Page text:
The 27th Conference Of Parties (COP27) on Climate Change comes at a time when we are facing unprecedented challenges due to the magnitude and the interconnected nature of our multiple structural crises. The world's average temperature is now at 1,1℃.
Today, the window of opportunity for scaled-up global climate action to prevent disastrous global warming and build resilience in the most vulnerable nations is closing fast. And a major impediment to reducing emissions and accelerating climate adaptation is both lack of financial investment and major bureaucratic hurdles to accessing those funds that are available.
Just a few days ahead of the UN Climate Conference (COP27) in Egypt (6-18 November), new revelations show how far rich, industrialised countries –those who contribute most to the growing catastrophes- have been lying over their real contributions to climate finance.
It is no secret that humankind’s past actions have accelerated the deterioration of ecosystems, negatively impacting our economies, societies, health, and cultures. It is estimated that humans have altered over 97% of ecosystems worldwide, to date. One million species are currently threatened with extinction (IPBES). The writing on the wall is clear. Our planet is in crisis. The sobering reality is that if we continue on our current trajectory, biodiversity and the services it provides will continue to decline, jeopardizing the achievement of the Sustainable Development Goals and our lives as we know them. The decline in biodiversity is expected to further accelerate unless effective action is taken to address the underlying causes of biodiversity loss. These causes are often justified by societal values, norms and behaviors. Some examples include unsustainable production and consumption patterns, human population dynamics and trends, and technological innovation patterns.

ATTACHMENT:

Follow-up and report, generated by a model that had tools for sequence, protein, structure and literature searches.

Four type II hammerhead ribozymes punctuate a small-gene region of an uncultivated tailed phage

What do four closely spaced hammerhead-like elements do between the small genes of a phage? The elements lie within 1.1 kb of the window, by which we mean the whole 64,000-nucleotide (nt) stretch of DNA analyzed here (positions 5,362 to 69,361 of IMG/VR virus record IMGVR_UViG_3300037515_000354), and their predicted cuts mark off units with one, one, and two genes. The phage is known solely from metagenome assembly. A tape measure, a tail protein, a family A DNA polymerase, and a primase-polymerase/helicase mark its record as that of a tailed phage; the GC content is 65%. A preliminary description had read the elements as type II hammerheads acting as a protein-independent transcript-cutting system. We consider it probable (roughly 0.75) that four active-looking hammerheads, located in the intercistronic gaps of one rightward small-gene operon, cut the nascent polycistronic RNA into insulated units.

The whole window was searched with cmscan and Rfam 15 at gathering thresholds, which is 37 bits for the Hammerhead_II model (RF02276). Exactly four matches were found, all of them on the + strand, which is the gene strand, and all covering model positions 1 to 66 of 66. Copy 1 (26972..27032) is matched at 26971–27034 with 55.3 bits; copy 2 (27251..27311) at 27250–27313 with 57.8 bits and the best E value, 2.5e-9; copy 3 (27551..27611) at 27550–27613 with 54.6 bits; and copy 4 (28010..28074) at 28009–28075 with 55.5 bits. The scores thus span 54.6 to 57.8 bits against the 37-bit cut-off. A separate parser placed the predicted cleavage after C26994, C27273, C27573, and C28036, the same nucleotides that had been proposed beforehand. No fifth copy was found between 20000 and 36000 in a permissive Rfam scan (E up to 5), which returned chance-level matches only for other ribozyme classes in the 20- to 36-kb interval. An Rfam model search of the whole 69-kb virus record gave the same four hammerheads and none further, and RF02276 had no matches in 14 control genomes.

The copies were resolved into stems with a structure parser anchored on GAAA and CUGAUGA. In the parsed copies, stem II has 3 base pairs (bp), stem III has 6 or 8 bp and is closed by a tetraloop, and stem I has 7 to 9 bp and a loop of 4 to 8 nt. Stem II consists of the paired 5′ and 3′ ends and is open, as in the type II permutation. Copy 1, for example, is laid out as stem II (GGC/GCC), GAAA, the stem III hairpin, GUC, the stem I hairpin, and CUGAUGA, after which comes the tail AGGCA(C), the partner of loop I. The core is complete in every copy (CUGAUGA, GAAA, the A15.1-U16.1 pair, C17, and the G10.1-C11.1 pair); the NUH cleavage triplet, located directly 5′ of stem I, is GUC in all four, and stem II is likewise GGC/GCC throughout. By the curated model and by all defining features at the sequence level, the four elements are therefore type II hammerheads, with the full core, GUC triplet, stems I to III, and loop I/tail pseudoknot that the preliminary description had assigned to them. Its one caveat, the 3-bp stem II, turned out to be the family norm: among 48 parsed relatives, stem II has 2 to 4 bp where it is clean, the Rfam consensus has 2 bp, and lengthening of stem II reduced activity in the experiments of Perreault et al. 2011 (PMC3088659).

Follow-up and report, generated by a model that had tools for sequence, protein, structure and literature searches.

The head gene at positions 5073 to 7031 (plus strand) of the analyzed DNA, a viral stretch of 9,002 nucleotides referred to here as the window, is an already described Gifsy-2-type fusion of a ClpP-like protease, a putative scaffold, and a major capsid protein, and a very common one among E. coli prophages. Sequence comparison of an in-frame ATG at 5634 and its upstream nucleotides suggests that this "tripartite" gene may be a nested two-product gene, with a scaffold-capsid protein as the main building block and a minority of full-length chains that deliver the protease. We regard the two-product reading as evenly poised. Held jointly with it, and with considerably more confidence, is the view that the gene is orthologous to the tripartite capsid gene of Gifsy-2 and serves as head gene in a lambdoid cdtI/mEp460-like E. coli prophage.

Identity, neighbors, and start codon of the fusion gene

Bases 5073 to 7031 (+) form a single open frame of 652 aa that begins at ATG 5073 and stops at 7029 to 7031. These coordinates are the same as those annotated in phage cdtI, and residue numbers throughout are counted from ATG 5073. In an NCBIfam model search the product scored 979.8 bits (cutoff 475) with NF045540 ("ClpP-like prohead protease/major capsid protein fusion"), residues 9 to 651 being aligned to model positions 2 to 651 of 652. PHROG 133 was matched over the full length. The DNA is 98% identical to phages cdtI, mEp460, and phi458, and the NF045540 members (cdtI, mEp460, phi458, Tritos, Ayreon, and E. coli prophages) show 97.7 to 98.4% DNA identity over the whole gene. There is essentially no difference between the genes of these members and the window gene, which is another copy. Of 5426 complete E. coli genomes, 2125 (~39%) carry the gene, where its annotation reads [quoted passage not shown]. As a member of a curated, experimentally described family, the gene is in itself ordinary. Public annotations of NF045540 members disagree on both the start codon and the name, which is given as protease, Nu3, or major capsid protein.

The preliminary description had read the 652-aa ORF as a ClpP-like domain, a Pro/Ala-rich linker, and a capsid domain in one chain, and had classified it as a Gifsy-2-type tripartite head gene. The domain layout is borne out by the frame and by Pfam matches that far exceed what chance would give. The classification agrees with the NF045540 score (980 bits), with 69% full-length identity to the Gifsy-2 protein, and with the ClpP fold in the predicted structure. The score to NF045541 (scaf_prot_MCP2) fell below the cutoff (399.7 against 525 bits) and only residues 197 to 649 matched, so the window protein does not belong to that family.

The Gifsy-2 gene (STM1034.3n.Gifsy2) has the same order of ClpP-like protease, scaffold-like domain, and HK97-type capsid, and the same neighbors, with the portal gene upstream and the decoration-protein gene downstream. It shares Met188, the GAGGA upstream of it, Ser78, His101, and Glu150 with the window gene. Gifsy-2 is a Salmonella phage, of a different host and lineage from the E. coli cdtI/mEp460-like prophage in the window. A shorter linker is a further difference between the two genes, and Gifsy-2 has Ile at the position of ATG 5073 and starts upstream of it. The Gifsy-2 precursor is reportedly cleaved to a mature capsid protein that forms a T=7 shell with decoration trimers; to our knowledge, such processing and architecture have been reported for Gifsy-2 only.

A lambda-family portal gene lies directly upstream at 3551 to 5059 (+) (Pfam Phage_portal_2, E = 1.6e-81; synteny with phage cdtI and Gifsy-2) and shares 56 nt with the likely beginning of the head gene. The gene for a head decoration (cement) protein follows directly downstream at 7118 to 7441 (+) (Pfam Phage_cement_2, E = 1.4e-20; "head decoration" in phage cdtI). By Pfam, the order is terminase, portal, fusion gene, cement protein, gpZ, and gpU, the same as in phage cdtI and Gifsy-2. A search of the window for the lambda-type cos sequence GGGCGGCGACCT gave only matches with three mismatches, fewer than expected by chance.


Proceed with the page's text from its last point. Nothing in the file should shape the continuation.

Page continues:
The COP 27 climate summit is taking place amid a rash of political, economic and environmental upheavals, including missed funding and emission targets, increased pollution and climate devastation, rising global inflation, cuts in Western development assistance and the negative after-effects of the Covid-19 pandemic and the Russian invasion of Ukraine.
So, Greta Thunberg won’t be coming to COP27. She’s condemned it as “greenwashing” and cast doubts on the host’s human rights record and lack of access for activists.
The need for potable water led several rural settlements in El Salvador, at the end of the 12-year civil war in 1992, to rebuild what was destroyed and to innovate with technologies that at the time seemed unattainable, but which now benefit hundreds of families.
When it comes to moral endorsements, having the Vatican’s backing takes some beating. So the international campaign for a legally binding Fossil Fuel Non-Proliferation Treaty took a huge step forward in July when Cardinal Michael Czerny, the prefect of the Dicastery for Promoting Integral Human Development, gave it his total support
after report highlights that we can only achieve the greenhouse gas (GHG) emission reductions required by the climate goals of the Paris Agreement
if much of the existing coal power generation capacity is retired early. To this end, one concept that deserves greater consideration is conducting an auction for early retirement of coal power plants worldwide: a global coal retirement auction. This article sets out the broad outlines of how this global auction might operate.